Fighter aircraft: The report clears the government for intervening in this part of the deal, and allowing the final decision not to be based on cost - a move that resulted in a different bidder being selected. In the end the Cabinet endorsed a package of Hawk and Gripen aircraft from British Aerospace. The report observes that although such an intervention was "unusual", it was "not unlawful nor irregular. As the ultimate decision-maker, Cabinet was entitled to select the preferred bidder, taking into account ... other factors including strategic considerations."

The report says some information about the total cost was not submitted to the Cabinet. It says these extra costs would have to be borne by the defence department.

The report notes that "value systems" used to evaluate the bids were approved after replies had been collected. The report says it could find no evidence that South Africa paid more than the normal price for the Hawk and Gripen aircraft. It raises serious questions about the status of British Aerospace's industrial offset offerings, and the way in which they were evaluated.

C2I2: C2I2's Richard Young, who has led the charge against the state's handling of the arms deal, earns himself a special section in the report. The section, on his many allegations about the selection of systems for the Corvettes, shows it was riddled with technical slip ups.

Richard Young, the head of Cape-based C2I2, the company that lost out to a company related to Schabir Shaik, brother of acquisitions chief Chippy Shaik, said most of the findings were in his favour, but that many of the investigators' observations were "wishy washy". Young's chances of a successful lawsuit against the government were given a boost by the findings on Chippy Shaik's conflict of interest.

The report says it appears that Young's rival, African Defence Systems, was given a copy of his proposal. It also finds that the selectors lobbed on an extra R42-million risk premium to his price, without telling him beforehand.

The investigators say there was no evidence that a proper risk assessment was made. "It appears that the selectors decided to opt for the Detexis [related to African Defence Systems] product in view of the fact it was cheaper." The report says it could find no minutes reflecting the decision to give Detexis the contract. "It is therefore not clear when and by whom the decision was taken not to award the contract to C2I2. However, it is clear that such a decision was taken and that it was taken, generally speaking, by the State."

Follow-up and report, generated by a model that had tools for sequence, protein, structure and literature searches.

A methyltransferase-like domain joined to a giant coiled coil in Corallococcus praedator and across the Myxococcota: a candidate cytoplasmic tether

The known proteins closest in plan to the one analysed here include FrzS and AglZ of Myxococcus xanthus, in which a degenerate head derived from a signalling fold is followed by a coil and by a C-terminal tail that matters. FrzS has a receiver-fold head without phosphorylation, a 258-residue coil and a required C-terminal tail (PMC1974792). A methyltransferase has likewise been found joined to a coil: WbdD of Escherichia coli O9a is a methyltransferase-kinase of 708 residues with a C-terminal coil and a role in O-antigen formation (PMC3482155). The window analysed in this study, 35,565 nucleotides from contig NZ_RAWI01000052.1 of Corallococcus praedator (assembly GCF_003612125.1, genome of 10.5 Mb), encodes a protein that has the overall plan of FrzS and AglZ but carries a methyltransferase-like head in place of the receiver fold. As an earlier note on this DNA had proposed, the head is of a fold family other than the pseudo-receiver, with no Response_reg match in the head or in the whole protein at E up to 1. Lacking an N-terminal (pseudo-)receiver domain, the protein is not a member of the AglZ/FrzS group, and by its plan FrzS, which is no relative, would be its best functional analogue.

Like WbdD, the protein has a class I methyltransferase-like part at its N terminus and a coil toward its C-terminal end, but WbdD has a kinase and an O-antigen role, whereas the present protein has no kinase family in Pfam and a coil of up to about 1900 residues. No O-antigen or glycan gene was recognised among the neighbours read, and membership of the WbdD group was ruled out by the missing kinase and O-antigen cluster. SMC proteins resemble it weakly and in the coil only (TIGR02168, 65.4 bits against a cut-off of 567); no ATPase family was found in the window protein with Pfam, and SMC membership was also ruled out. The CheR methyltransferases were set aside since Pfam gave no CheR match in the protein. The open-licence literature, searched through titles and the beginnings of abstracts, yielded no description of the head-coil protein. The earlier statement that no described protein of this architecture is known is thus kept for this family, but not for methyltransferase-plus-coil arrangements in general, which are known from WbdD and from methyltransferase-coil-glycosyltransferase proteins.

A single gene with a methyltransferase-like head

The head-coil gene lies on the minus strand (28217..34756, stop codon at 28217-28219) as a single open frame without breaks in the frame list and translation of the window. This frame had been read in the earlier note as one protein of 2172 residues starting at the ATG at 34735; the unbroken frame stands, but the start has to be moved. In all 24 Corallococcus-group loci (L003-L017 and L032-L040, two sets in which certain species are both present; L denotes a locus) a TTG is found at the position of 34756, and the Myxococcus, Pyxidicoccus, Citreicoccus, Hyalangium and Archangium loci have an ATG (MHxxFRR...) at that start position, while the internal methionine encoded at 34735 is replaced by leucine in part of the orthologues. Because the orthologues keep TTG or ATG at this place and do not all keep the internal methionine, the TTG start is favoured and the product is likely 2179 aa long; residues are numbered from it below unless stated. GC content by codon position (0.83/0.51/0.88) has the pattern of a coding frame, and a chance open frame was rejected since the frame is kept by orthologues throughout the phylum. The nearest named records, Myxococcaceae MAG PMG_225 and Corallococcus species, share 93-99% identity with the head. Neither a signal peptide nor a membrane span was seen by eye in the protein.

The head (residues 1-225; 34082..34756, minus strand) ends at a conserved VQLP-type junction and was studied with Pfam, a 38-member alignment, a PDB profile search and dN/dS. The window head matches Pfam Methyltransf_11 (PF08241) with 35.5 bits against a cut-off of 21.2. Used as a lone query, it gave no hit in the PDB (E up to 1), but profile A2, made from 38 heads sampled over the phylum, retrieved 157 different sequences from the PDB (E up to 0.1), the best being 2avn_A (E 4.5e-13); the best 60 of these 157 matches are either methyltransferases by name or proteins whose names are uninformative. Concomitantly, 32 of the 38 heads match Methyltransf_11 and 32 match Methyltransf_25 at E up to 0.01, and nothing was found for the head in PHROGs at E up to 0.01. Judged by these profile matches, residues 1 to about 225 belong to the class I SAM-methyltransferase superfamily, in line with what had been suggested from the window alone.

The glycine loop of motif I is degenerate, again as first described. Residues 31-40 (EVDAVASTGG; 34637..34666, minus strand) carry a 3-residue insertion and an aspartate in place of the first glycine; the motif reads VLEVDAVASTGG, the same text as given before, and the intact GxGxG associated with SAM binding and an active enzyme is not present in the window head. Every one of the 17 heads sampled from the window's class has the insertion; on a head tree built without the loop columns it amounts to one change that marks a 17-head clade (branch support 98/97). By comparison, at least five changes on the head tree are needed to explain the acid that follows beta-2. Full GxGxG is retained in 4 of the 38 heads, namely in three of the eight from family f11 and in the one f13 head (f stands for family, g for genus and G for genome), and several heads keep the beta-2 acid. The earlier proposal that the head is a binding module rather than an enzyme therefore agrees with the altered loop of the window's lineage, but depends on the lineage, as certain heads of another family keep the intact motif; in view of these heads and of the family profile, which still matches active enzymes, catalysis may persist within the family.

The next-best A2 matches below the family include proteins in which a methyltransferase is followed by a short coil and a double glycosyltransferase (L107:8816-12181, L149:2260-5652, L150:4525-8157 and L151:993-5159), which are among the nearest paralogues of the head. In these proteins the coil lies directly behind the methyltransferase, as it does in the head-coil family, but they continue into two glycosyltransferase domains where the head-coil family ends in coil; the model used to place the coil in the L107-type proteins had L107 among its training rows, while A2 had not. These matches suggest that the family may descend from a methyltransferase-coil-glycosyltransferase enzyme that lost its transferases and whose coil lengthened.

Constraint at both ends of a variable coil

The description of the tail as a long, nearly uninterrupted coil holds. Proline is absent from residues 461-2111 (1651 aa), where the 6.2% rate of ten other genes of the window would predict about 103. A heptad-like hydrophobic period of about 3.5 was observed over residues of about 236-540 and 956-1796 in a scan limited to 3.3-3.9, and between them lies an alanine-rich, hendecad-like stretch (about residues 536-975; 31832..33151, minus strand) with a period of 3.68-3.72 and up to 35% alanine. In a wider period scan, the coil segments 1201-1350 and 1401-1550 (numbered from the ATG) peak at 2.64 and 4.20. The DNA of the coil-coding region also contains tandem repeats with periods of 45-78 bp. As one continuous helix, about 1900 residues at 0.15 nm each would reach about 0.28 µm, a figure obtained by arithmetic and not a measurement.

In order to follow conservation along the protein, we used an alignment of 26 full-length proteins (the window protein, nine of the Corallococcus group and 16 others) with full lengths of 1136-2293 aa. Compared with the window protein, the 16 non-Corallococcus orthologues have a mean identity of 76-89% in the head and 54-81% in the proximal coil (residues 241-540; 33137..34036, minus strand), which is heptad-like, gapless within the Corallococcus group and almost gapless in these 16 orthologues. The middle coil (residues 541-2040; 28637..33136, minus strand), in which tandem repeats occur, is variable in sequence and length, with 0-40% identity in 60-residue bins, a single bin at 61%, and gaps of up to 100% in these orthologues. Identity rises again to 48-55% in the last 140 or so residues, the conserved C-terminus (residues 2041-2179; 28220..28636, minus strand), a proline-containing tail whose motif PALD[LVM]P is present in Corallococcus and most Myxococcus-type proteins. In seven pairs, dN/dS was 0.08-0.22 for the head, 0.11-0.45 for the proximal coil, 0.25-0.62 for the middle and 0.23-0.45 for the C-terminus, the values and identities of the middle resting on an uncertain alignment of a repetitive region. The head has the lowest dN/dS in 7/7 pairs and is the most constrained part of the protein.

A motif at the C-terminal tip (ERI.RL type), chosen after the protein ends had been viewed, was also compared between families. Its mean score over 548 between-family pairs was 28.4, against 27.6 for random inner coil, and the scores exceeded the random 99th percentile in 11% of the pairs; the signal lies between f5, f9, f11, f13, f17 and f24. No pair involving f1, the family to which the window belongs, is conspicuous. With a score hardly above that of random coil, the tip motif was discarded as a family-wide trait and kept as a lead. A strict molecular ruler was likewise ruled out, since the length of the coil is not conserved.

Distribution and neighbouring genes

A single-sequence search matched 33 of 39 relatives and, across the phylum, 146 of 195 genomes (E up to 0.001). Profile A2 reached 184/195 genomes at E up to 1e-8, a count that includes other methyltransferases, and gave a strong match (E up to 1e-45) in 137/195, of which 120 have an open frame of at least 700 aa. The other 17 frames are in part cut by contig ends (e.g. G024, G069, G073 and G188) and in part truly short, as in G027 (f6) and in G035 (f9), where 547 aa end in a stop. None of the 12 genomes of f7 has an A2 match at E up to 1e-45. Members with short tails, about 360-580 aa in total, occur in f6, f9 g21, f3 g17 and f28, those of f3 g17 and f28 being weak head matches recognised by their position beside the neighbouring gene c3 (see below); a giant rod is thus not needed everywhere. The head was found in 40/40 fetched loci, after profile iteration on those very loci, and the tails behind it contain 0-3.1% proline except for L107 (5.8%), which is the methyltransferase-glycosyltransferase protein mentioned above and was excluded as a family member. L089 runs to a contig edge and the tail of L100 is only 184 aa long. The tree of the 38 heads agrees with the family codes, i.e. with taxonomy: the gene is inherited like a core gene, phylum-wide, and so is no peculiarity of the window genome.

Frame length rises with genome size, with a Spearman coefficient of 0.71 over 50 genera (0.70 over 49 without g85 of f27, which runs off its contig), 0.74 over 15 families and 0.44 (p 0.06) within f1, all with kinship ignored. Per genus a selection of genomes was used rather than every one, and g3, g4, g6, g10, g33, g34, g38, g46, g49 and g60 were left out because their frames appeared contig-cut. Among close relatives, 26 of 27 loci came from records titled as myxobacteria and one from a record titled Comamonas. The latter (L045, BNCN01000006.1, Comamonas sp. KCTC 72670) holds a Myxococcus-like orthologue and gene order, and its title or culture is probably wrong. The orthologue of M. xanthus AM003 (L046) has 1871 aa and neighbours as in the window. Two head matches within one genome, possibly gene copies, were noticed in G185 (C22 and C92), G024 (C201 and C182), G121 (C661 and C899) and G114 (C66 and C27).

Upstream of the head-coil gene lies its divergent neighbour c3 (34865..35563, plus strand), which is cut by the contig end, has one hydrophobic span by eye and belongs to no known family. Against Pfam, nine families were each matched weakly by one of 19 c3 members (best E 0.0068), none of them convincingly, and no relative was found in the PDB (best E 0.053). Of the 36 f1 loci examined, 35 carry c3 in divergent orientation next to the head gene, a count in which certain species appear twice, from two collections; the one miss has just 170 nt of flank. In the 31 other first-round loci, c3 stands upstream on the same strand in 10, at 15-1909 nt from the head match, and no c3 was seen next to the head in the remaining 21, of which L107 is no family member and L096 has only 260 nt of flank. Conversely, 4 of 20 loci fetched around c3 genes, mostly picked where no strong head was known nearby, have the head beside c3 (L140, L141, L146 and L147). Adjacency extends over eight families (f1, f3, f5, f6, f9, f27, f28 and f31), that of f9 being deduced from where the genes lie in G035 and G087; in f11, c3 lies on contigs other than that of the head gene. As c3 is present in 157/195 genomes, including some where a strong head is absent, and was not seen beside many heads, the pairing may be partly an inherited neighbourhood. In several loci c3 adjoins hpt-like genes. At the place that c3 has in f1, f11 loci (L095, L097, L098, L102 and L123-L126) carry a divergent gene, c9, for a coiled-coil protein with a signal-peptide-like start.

Submarines: The report finds that the German Submarine Consortium, which won, did not make the grade where its defence offsets were concerned, and therefore should have been left out the next round. It says that Armscor's legal division submitted a legal opinion that the Germans had "failed materially to meet the essential requirements of the [defence offsets]". The opinion was not passed on to the relevant selection panel. The investigators say that Shaik and a colleague allowed bidders who did not comply to get their house in order before the next round.

The cost of the deal: The investigators and their consultants pick holes in the government's affordability study on the deal, which stressed how the final cost would be affected by currency fluctuations. The contracts are long term, exposing the final tally to the vagaries of the rand. The report says the exchange rate forecasts on which the study was based were too optimistic, and that the model did not include all relevant costs.

The key recommendations of the report are:

Parliament should take "urgent steps" to ensure that high-ranking officials and office bearers, such as minister and deputy ministers "are not allowed to be involved, whether personally or as part of private enterprise, for a reasonable period of time after they leave public office, in contracts that are concluded with the state".

Effective controls should be evaluated to ensure a fair and regular process to exclude the possibility of manipulation.

Detailed and accurate information, including all possible costs, should be submitted to the Cabinet and all currency risk implications in international armament acquisitions should be disclosed to the Cabinet.

Adequate audit trails, with particular emphasis on the visibility of supervision, decision-making and assumption of responsibility, should be in place.

The Department of Defence and Armscor should develop specific rules and guidelines to address conflict of interest issues.

With acknowledgement to Mungo Soggot, Barry Streek and the Mail & Guardian.